Brand audit: A step-by-step guide to doing it yourself & template

You’ve spent a lot of time and energy building your brand. You want it to stand out from the crowd, but you also want it to stay true to your original vision. How can you do both? It’s time for an audit! A brand audit is a step-by-step process that allows you to evaluate your business objectively and identify areas for improvement. By identifying gaps between where you are now and where you want your brand to be, an audit can help push your brand forward. And best of all? A brand audit is easier than ever before, thanks to today’s technology – keep reading as I break down each step of this process.


The first step is to define your end goal. This should be a succinct statement that sums up what you want to achieve with the brand audit.

For example, if you are looking for a way to boost sales in a specific category, then maybe your goal would be “Increase sales of my ____ by 20% by 2024.”

If the purpose of this exercise is simply to gather information on weaknesses and opportunities within the current structure of your brand, then maybe your goal would be “Gather data which can help us improve our marketing efforts in the future.”


Now it’s time to get feedback. In this step of the process, you’ll want to collect input from different parties: friends and family, coworkers and competitors, industry experts, customers and even your audience.

You’ll also want to ask for feedback from your employees—and not just in an HR seminar kind of way. Ask them how they feel about the brand and its messaging. Do they understand what it represents? Would they recommend it to others? What could we improve about our branding? How would they describe your brand?

Finally (and most importantly), don’t forget about your vendors! They’re integral members of your business ecosystem, so be sure to include them in this step as well.


The first step in creating a brand audit is gathering all the necessary materials – your content and external resources. Collecting these items will give you a better picture of what makes your company unique and help you understand how other people perceive your brand.

In addition to collecting this type of information internally at work, find ways to get feedback from outside sources too! For example, interview customers on their experiences interacting with brands like yours; ask employees what they think drives success within organisations like yours; talk with suppliers who provide goods/services needed by most companies like yours…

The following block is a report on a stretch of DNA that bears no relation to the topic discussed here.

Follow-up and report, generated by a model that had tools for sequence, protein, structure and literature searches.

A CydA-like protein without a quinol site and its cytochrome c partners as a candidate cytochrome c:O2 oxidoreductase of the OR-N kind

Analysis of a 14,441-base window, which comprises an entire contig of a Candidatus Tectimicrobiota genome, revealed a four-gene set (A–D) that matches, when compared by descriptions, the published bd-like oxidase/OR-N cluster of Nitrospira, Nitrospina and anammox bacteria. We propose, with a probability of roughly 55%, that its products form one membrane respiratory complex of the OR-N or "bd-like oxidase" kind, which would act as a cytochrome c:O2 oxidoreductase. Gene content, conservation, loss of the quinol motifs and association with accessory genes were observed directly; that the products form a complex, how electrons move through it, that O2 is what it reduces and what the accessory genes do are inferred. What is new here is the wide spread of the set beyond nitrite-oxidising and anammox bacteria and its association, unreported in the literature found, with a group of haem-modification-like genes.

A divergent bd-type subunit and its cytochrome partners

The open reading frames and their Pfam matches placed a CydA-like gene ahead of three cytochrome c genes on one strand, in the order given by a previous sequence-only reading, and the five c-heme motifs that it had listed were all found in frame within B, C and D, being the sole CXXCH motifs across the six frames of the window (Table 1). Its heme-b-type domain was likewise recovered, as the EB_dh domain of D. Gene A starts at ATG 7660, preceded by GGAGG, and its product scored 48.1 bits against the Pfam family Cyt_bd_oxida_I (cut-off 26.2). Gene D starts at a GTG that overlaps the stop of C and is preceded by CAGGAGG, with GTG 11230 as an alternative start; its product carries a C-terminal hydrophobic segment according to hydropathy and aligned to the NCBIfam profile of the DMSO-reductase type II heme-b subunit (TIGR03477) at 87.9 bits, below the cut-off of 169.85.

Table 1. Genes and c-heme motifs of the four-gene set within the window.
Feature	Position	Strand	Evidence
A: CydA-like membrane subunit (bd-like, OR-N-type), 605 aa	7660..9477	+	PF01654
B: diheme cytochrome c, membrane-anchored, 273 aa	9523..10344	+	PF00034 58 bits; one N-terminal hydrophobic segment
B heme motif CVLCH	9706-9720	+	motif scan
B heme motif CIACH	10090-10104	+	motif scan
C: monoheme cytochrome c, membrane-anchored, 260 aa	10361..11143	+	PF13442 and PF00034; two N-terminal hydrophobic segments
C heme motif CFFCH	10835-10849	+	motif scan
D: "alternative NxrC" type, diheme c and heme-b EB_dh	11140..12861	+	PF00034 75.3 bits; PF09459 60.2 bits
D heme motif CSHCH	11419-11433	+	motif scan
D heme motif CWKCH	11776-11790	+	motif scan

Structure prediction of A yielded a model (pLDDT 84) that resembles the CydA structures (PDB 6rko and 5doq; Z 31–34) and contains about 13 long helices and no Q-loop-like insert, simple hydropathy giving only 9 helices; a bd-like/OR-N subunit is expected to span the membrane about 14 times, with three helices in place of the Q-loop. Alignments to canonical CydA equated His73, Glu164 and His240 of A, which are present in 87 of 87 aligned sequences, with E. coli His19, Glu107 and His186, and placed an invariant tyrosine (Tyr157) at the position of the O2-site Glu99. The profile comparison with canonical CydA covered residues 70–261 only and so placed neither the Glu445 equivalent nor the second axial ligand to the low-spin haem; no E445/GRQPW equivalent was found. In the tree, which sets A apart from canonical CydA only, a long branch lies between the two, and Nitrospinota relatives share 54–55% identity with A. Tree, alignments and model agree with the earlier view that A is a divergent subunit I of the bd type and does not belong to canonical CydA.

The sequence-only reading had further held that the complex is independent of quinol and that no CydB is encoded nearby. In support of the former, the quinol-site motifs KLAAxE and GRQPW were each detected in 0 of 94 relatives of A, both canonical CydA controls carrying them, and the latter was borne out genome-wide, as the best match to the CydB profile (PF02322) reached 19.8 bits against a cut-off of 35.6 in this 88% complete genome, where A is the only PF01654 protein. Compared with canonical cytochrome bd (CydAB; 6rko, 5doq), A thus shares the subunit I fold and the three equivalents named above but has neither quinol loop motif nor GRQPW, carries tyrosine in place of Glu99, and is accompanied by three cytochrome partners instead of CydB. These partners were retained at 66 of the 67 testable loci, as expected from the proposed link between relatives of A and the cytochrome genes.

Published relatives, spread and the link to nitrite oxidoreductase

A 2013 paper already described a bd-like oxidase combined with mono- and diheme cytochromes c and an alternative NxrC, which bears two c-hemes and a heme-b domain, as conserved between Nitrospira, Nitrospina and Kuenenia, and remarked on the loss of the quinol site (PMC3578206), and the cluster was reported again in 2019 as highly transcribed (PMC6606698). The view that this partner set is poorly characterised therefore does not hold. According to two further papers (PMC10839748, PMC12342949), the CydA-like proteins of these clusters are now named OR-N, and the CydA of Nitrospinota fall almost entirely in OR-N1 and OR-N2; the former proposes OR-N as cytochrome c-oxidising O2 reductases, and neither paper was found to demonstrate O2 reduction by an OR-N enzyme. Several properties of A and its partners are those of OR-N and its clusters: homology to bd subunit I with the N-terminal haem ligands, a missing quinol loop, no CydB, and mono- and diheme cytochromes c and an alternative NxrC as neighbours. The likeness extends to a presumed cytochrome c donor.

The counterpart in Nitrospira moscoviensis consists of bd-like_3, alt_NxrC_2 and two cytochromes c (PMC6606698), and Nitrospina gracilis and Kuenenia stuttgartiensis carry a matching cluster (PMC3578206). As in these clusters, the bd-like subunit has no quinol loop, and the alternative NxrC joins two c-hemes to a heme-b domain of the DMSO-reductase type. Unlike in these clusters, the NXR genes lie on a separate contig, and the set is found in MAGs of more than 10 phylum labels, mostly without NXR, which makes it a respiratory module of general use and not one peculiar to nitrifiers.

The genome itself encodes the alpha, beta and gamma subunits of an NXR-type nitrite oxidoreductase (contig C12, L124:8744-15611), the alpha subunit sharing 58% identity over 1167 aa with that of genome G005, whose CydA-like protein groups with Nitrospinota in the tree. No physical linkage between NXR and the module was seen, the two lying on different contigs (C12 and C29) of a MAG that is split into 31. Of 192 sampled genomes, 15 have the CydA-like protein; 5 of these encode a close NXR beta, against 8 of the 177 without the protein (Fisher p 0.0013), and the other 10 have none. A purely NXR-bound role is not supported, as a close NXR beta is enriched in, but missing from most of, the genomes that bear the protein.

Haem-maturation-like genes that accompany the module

As part of this step, collect your own content from any websites or social media pages that are relevant to your business. This could include newsletters, white papers, infographics and eBooks containing information about your products or services. You can also collect images and videos from these sources if any assets represent the essence of what you do best (e.g., photos showing how innovative a product or service is).


Next, you’ll want to conduct a SWOT analysis of your brand. A SWOT analysis is a tool for identifying strengths and weaknesses, opportunities and threats, and what you need to do to improve your brand.

A SWOT analysis can help you identify the following:

  • Strengths — things that are working well in your business or organisation;
  • Weaknesses — areas where improvement is needed;
  • Opportunities — potential opportunities that could lead to growth; and
  • Threats — obstacles that may prevent growth or success.

CLICK HERE for my DIY Brand Audit Workbook


An audit is a methodical examination and review of all aspects of your business. A brand audit is a special type of audit that focuses on the strength, weaknesses and current state of your branding.

A brand audit report includes:

  • An overview of the purpose of the audit
  • A summary that highlights key findings from each section and provides recommendations for changes (e.g., “Our logo is outdated”)
  • A full analysis with details about each aspect being examined


Take a look through all the information and assess where your efforts are needed the most. Create 3-5 tangible action points and give each timeline for when they need to be done by.

For example, you might find that your photography choices are inconsistent across all your materials. Therefore, you will need to define what style and/or story you want to tell through your choice of imagery and how to make this consistent.

Or you might find that your messaging isn’t as clear as it should be, and your employees are a little confused as to what you need to be known for. So, in this case, it’s important to go back to your brand’s foundation and story and make sure it is still relevant and look at how to make this clearer and amplify this part of your message.


If you have a small business or are interested in starting one, it’s important to know how to evaluate your brand. Branding is how consumers recognise what makes your product unique and exceptional compared with others on the market.

The branding process starts with understanding your audience and what they want from your product or service. It also involves understanding how they perceive competitors’ brands so that you can differentiate yourself from them. The more clearly defined this is before launching any marketing strategy, the better results you’ll see once advertising begins.


The brand audit is an important step for any business owner and can be done independently. This article has given you all the tools needed to conduct a thorough brand audit on your own, from gathering information to analysing and creating action plans based on the results of your analysis.

I hope that it’s been helpful for you!

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